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MDMA May Soon Be A Prescription Drug in the USA2 min read

MDMA may soon become a regulated prescription medicine.

When Molly Hits

2016 may not be a total loss. The US Food and Drug Administration (FDA) has given the go for phase three trials of MDMA to treat post-traumatic stress disorder (PTSD). This is the final phase of testing required to turn your favorite clandestine club drug into a legal medicine, according to the Guardian.

In America, the Drug Enforcement Administration (DEA) currently groups MDMA, together with Heroin and LSD, as schedule 1 substances. Molly, which you’ve probably taken at one time or another, gives you feelings of euphoria, love, togetherness and bonding. These qualities are what makes it so appealing for patients with treatment-resistant PTSD.

“Moving from phase two to phase three shows we have strong scientific reason to believe that MDMA is an effective treatment for PTSD in therapy. The fact the FDA is ready to move forward with phase three signals that they agree,” said Brad Burge, from the Multidisciplinary Association for Psychedelic Studies (Maps), a not-for-profit based in Santa Cruz, California, that has spearheaded efforts to turn MDMA into a medicine.

According to those close to the MDMA trials, if all goes as planned it can be legalized as early as 2021. This would provide a new avenue of treatment for those battling PTSD, and also for the rest of us who wouldn’t mind a prescription or two from time to time. Even if effective, the FDA may still not approve MDMA, as around 50% of drugs fail at phase three.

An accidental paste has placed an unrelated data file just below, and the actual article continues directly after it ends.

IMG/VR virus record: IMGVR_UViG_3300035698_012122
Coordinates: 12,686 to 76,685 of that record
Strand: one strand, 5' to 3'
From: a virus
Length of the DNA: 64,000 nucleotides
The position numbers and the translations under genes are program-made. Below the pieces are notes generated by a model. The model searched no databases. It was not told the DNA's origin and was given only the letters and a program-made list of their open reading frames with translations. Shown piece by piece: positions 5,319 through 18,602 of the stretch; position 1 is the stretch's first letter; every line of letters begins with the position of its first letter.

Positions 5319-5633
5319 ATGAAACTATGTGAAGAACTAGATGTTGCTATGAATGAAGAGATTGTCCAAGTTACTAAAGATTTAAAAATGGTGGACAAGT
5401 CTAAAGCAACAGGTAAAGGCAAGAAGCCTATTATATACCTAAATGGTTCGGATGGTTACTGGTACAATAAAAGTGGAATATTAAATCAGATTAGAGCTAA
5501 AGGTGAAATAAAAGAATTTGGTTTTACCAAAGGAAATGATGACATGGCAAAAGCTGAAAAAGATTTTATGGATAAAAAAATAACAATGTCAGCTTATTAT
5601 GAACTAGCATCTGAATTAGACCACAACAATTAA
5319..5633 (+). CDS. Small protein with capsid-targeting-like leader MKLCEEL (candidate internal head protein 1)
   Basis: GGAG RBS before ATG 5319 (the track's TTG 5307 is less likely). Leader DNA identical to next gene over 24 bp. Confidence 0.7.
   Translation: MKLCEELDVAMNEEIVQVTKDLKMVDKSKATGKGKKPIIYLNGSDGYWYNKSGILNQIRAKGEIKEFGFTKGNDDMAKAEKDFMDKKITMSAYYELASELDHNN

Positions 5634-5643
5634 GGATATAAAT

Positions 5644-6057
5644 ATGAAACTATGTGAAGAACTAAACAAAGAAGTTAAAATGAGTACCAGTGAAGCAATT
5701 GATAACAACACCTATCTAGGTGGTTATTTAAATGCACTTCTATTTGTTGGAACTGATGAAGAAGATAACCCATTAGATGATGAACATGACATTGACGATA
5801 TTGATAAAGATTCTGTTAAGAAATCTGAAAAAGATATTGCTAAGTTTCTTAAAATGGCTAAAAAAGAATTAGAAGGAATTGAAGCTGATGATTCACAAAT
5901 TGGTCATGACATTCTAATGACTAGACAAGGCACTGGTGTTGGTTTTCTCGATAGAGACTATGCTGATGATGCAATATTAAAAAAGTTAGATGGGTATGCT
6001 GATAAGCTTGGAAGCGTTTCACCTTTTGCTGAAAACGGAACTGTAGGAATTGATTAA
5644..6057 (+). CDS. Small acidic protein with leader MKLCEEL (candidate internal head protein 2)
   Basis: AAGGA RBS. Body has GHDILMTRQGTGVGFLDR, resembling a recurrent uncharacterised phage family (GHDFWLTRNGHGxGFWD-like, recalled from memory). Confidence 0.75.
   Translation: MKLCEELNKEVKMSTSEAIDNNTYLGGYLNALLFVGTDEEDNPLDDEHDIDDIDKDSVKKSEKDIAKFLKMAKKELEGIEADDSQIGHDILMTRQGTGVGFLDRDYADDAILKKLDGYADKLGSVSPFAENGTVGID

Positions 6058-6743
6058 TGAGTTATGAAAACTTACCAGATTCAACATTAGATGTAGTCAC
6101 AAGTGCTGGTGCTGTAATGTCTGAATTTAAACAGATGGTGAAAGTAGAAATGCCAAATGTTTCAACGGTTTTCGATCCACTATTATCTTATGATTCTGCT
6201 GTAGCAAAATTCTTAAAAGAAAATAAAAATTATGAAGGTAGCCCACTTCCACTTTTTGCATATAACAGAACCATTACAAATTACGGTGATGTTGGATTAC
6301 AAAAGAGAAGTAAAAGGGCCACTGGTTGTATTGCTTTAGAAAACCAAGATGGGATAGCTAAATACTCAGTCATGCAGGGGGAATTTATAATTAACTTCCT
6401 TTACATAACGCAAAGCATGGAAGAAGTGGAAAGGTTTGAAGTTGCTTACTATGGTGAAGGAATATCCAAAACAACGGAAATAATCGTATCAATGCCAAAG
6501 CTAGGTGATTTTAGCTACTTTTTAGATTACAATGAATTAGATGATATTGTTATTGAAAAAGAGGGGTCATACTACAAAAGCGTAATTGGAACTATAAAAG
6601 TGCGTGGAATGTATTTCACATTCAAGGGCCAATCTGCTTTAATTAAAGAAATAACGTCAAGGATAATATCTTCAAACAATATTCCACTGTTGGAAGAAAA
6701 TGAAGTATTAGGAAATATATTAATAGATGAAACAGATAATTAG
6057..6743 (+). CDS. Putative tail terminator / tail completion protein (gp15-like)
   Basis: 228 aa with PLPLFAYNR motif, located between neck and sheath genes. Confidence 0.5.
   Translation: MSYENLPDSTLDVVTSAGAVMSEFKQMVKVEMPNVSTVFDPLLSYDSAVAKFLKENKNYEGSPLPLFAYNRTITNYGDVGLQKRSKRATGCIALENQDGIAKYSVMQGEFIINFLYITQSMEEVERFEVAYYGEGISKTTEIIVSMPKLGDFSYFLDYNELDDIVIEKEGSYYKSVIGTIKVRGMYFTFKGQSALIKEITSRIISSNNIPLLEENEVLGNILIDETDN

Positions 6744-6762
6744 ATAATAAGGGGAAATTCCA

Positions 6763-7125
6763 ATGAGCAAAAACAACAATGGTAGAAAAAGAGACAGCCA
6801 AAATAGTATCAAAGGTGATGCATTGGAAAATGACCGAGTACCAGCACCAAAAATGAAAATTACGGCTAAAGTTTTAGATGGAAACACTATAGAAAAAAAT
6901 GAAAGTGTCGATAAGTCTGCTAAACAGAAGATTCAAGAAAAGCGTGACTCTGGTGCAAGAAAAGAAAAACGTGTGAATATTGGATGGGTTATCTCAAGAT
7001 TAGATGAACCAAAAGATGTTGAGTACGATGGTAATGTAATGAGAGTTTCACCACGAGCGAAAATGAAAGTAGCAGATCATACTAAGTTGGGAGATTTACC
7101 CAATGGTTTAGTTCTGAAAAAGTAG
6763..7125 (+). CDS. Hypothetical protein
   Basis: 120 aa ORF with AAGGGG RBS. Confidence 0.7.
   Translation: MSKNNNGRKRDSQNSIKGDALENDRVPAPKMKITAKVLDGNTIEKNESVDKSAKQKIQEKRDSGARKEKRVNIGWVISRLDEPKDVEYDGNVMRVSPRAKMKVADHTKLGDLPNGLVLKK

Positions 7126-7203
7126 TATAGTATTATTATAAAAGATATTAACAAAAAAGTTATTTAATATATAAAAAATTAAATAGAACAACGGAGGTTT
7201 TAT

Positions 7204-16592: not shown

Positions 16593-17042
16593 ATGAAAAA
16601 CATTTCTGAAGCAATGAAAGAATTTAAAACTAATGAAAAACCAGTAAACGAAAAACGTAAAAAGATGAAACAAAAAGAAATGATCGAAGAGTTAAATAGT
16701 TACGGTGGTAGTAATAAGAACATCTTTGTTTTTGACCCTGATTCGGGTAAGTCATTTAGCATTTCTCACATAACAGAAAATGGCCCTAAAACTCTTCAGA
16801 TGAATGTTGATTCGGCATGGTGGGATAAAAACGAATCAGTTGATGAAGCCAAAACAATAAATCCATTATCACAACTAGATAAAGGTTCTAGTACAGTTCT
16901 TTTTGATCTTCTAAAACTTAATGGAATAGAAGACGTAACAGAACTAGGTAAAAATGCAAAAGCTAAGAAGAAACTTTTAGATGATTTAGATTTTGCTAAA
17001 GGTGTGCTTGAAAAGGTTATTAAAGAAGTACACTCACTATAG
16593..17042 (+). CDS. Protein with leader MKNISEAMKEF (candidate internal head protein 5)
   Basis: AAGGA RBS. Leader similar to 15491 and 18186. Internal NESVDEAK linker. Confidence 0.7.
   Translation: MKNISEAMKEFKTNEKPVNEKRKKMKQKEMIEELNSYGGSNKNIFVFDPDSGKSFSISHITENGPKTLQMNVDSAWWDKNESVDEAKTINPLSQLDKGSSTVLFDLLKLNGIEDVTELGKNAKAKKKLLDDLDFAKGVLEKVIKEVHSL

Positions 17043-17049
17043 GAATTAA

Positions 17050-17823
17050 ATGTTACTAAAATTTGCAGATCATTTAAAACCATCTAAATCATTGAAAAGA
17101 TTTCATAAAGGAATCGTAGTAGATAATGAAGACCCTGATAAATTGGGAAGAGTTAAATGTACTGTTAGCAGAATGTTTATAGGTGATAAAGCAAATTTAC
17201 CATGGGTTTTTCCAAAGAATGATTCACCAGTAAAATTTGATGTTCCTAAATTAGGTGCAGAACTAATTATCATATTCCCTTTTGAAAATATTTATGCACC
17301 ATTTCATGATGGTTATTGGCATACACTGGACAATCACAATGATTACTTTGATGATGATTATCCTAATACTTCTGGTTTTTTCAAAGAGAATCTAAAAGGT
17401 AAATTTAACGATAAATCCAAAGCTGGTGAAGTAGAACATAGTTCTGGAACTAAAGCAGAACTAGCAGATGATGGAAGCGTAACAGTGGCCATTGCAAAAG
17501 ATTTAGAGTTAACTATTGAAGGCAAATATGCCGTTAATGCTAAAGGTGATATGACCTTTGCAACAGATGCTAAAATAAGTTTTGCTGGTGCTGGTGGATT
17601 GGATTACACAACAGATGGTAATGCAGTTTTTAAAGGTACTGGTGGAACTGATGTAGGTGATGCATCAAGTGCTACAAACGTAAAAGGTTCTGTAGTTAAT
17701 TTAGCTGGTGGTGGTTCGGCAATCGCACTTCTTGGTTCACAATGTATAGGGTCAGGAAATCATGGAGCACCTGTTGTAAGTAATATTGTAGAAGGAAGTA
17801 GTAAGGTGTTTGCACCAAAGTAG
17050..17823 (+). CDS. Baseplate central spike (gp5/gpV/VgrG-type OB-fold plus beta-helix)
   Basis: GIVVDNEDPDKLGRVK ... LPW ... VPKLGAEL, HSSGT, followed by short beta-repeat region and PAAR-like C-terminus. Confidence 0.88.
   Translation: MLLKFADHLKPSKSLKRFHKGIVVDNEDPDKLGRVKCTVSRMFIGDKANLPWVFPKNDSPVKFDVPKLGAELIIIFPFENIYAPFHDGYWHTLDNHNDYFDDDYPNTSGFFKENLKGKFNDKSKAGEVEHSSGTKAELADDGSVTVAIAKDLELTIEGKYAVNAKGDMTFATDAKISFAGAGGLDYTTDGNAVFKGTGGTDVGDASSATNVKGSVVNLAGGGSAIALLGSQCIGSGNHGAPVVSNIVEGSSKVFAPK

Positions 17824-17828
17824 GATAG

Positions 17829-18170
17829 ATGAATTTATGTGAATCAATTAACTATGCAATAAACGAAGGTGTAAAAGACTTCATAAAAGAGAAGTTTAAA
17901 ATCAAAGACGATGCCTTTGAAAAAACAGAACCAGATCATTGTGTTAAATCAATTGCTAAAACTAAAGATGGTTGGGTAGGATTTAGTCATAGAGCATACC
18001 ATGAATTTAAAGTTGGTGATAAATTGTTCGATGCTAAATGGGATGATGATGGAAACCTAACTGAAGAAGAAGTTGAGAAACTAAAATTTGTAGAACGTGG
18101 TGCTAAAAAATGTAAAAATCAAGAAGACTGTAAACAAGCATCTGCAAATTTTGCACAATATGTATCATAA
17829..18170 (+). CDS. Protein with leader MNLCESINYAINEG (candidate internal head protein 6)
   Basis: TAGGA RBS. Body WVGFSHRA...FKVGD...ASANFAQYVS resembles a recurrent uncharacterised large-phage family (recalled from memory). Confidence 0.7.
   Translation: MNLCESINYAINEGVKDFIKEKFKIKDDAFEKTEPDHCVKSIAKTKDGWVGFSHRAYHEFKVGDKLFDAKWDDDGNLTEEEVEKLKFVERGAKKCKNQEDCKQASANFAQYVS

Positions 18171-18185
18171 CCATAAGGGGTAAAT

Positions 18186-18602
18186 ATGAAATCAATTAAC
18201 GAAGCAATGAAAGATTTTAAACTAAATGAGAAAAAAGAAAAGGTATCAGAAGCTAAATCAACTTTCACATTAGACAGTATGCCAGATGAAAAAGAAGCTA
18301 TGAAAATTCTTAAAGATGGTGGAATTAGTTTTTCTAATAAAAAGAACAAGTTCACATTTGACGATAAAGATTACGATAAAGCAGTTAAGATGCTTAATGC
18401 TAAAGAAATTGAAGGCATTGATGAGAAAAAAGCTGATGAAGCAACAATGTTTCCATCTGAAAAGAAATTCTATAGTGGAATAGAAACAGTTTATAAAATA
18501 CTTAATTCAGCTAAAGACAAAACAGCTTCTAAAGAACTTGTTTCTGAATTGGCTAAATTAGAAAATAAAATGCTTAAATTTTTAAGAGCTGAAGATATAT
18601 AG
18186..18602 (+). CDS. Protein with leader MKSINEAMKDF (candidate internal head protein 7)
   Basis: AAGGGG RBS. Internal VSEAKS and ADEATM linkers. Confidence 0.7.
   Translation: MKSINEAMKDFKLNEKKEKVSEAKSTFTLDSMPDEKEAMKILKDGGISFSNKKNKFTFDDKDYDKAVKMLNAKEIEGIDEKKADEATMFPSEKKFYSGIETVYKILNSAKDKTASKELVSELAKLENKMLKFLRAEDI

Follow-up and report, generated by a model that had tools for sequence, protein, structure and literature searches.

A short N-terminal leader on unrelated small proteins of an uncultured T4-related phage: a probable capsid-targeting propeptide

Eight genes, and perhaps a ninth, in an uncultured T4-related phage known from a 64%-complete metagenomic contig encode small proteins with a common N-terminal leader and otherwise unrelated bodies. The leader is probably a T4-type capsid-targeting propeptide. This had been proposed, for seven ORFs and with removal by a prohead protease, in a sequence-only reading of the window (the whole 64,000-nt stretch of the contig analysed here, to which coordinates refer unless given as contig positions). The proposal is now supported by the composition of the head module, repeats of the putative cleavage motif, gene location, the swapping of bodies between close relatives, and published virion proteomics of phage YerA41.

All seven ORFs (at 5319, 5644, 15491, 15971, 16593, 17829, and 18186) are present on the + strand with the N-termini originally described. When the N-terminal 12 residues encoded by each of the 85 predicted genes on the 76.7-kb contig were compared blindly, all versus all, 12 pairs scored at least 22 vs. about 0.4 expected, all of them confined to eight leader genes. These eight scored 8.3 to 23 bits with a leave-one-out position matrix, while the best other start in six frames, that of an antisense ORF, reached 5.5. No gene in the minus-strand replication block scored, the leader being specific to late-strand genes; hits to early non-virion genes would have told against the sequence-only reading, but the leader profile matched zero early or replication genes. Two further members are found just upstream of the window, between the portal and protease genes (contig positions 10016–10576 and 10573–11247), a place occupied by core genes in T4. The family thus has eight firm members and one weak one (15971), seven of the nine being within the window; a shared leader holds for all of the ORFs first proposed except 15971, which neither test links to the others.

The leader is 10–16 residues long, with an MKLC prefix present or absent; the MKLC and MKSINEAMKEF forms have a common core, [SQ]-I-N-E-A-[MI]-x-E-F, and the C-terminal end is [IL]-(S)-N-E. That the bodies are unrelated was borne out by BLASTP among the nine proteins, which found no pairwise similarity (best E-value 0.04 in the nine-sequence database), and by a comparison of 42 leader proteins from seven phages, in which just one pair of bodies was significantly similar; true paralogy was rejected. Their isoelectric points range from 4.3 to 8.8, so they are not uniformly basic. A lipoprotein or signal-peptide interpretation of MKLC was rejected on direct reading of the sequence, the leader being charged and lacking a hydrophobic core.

Legalization of MDMA, unlike medical marijuana, which is available for consumption in patients’ homes, wouldn’t be free for all of us. By design of the trial, the drug if legalized would only be able to be administered by a licensed psychotherapist.

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“People come into a clinic and receive one MDMA pill from the doctor and take it right away for their therapy session. They don’t take it home,” said Brad Burge.

Burge warns that there’s a big difference between the pure MDMA used in the trial and the club drug ecstasy or molly.

“Less than half of the ecstasy or molly available on the street contains any MDMA at all, and it usually contains far more harmful adulterants,” he said.